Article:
I power voltage regulator by 12V / 8A power supply.

UA78S09 is responsible to convert voltage to 9V for DC motor, which is able to swallow 1,5A at start and under heavy load. Motor however does not start even if specs for regulator states that it should be capable to provide 2A current.

Multimeter shows proper voltage 9V but max current peaks on around 0,4A only (only multimeter - no motor connected).

Why is that so? BTW: I have attached heat sink to regulator (if it matters here) and do not use capacitors.

Disclaimer: I am total noob, just started playing with simple circuits. So please be gentle with me ;-)

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    \$\begingroup\$ You need to show at least some schematics and measurements. Also if the voltage is the nominal 9V and the motor draws only 400mA then its not the fault of the regulator \$\endgroup\$ – PlasmaHH Apr 12 '16 at 12:18
  • \$\begingroup\$ It is not the motor which draws 400mA. Multimeter shows that on shorted circuit. \$\endgroup\$ – Lukasz Apr 12 '16 at 12:27
  • \$\begingroup\$ See the answer from AndyAka. The regulator has short circuit protection, and limits to around 500mA. Connecting an ammeter the way you describe shorts the output to ground and triggers the short circuit protection. \$\endgroup\$ – JRE Apr 12 '16 at 12:32
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    \$\begingroup\$ @Lukasz: If your multimeter shows 9V and 400mA on "short circuit" then it has a pretty hefty shunt resistor... \$\endgroup\$ – PlasmaHH Apr 12 '16 at 12:46

If the voltage is 9V the regulator is doing its job. Its job is to output 9V (give or take) when the load is somewhere between 0 and maximum current (provided you don't let it overheat). It is doing that.

The motor will draw more current if you put a load on the shaft, but it's not the regulator's job to force current through the motor.

From your comments, I conclude that the 9V is not what the regulator is outputting when the motor is not moving. A quick look at the datasheet indicates that this particular regulator has foldback current limiting, so the output current will drop to approximately 500mA typically on overload (with 27V in, so 400mA is quite plausible with only 12V in).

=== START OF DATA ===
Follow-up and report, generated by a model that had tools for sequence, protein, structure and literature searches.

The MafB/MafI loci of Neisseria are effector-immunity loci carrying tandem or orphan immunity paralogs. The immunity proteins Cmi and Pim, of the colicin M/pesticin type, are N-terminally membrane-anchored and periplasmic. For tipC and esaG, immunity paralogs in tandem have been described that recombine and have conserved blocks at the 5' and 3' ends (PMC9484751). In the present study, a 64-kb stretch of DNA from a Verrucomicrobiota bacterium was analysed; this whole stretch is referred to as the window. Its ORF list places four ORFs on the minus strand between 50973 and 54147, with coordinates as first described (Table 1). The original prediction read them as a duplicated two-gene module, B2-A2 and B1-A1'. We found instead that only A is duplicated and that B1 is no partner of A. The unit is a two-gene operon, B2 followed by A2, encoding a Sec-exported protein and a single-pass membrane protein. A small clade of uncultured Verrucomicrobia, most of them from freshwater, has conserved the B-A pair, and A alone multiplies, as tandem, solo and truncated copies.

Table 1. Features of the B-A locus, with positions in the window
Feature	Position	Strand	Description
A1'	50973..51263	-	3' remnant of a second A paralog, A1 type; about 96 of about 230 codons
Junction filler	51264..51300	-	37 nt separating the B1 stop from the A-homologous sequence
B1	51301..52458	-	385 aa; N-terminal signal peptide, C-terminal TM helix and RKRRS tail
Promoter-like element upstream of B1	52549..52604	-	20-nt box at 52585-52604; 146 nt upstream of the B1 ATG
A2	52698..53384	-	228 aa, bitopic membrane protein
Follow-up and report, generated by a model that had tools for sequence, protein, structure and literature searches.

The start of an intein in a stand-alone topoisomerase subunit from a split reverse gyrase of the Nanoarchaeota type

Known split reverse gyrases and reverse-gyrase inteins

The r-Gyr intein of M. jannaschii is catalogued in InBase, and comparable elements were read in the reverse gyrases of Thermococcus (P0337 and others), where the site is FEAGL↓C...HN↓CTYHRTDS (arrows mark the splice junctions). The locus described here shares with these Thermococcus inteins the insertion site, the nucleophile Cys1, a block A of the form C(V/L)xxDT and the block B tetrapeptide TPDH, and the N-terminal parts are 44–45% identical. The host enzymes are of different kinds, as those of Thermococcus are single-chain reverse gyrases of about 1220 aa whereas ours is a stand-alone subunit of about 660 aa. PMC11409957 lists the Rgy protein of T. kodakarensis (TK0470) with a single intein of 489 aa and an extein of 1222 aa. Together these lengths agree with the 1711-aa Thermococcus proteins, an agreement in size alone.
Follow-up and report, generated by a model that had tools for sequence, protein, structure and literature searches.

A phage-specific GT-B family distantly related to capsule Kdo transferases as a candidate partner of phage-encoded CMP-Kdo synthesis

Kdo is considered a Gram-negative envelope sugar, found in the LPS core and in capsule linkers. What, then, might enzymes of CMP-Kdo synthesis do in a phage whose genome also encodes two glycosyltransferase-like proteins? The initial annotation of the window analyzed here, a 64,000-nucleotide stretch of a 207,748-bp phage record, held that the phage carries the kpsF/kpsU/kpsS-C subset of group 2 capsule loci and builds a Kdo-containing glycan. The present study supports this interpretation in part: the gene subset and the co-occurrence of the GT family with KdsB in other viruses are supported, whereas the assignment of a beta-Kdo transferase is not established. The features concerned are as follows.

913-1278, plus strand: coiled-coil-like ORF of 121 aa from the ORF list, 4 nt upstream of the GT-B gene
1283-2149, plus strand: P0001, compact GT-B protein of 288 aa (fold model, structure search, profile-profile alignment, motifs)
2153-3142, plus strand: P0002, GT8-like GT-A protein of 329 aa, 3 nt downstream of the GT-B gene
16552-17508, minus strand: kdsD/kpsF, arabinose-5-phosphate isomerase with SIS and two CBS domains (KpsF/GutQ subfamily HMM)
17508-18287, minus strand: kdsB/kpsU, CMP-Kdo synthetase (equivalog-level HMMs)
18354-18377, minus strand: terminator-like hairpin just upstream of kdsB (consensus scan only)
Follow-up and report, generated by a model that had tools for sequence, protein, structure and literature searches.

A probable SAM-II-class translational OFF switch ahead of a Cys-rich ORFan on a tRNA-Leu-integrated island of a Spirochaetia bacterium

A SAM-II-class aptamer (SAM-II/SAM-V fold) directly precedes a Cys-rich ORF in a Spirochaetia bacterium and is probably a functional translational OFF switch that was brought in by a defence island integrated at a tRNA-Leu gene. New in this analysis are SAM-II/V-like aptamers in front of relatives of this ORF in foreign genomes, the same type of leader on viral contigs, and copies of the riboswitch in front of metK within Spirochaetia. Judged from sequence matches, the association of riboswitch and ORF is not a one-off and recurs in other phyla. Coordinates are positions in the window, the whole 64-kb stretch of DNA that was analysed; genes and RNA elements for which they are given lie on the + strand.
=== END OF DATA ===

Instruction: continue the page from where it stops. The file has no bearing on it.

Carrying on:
So it's likely unsuitable for driving your particular motor where the start-up surge exceeds the built-in current limit.

There are several circuits shown in the datasheet which I linked above showing how to increase the current capability. The simpler one does not have short-circuit protection so testing it into a short circuit might have ill effects.

enter image description here

You will be running pretty close to the dropout voltage with such a circuit however, so it might not maintain 9V out.

Don't leave the recommended capacitors out! A bit higher values won't hurt, but they are recommended for good reasons, even though it's not your problem in this case.

  • \$\begingroup\$ I know it is not job of regulator to force current but it is stil its job to be able to provide enough current on request (2A according to specs). When I connect the same motor to the 9V standard battery I see on multimeter that it can draw as much as 1,5A but when connected do regulator - it does not even move. \$\endgroup\$ – Lukasz Apr 12 '16 at 12:25
  • \$\begingroup\$ Perhaps the information you gave that the output is 9V is not correct then. Of course we are talking about when the motor is connected and running, the output voltage should be 9V. \$\endgroup\$ – Spehro Pefhany Apr 12 '16 at 12:26
  • \$\begingroup\$ For higher current circuit: Can I replace bd536 transistor with any other (I have some popular ones: 222...) or is it special one? \$\endgroup\$ – Lukasz Apr 12 '16 at 16:30
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    \$\begingroup\$ It's a 50W TO-220 transistor. Any similar POWER PNP transistor (probably TO-220 or TO-246 case) can be used (eg. 2N2955). It will need a heat sink. \$\endgroup\$ – Spehro Pefhany Apr 12 '16 at 17:27

Here's my best guess...

The volt drop across the regulator is 3V (12V - 9V) and initial current required by the motor could easily be 2A. This is a power dissipation of 6 watts (in the device) and, without a heatsink fitted, the T0-220 package of the device will warm up at 50degC per watt. This will be fairly rapid and exaggerated by the current limiting so, the device will thermally shut down and you might get a small twitch in movement of the armature.

If you have a heat sink fitted it needs to be in the order of less than 15 degC / watt thermally.

Note also that current limiting inside the chip folds back to typically 500 mA but this may get lower as the excessive heat produced by the device causes thermal shut-down.

You MUST use input and output capacitors.

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    \$\begingroup\$ The current limiting is it. The datasheet says "Short circuit current at Vi of 27Volts is 500mA." \$\endgroup\$ – JRE Apr 12 '16 at 12:31
  • \$\begingroup\$ Isn't that strange that motor does not even start? Shouldn't it take at least few moments (1-2 seconds) for a heat to build up before thermal protection kicks in? One fellow from electronics shop suggested it could rather be that motor's initial, momentary current required to start is is too big - much bigger than 2A. Is that possible? \$\endgroup\$ – Lukasz Apr 12 '16 at 18:44
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    \$\begingroup\$ Starting current can be several times bigger than full-load current. It's basically the same as the stall current. \$\endgroup\$ – Andy aka Apr 13 '16 at 7:05

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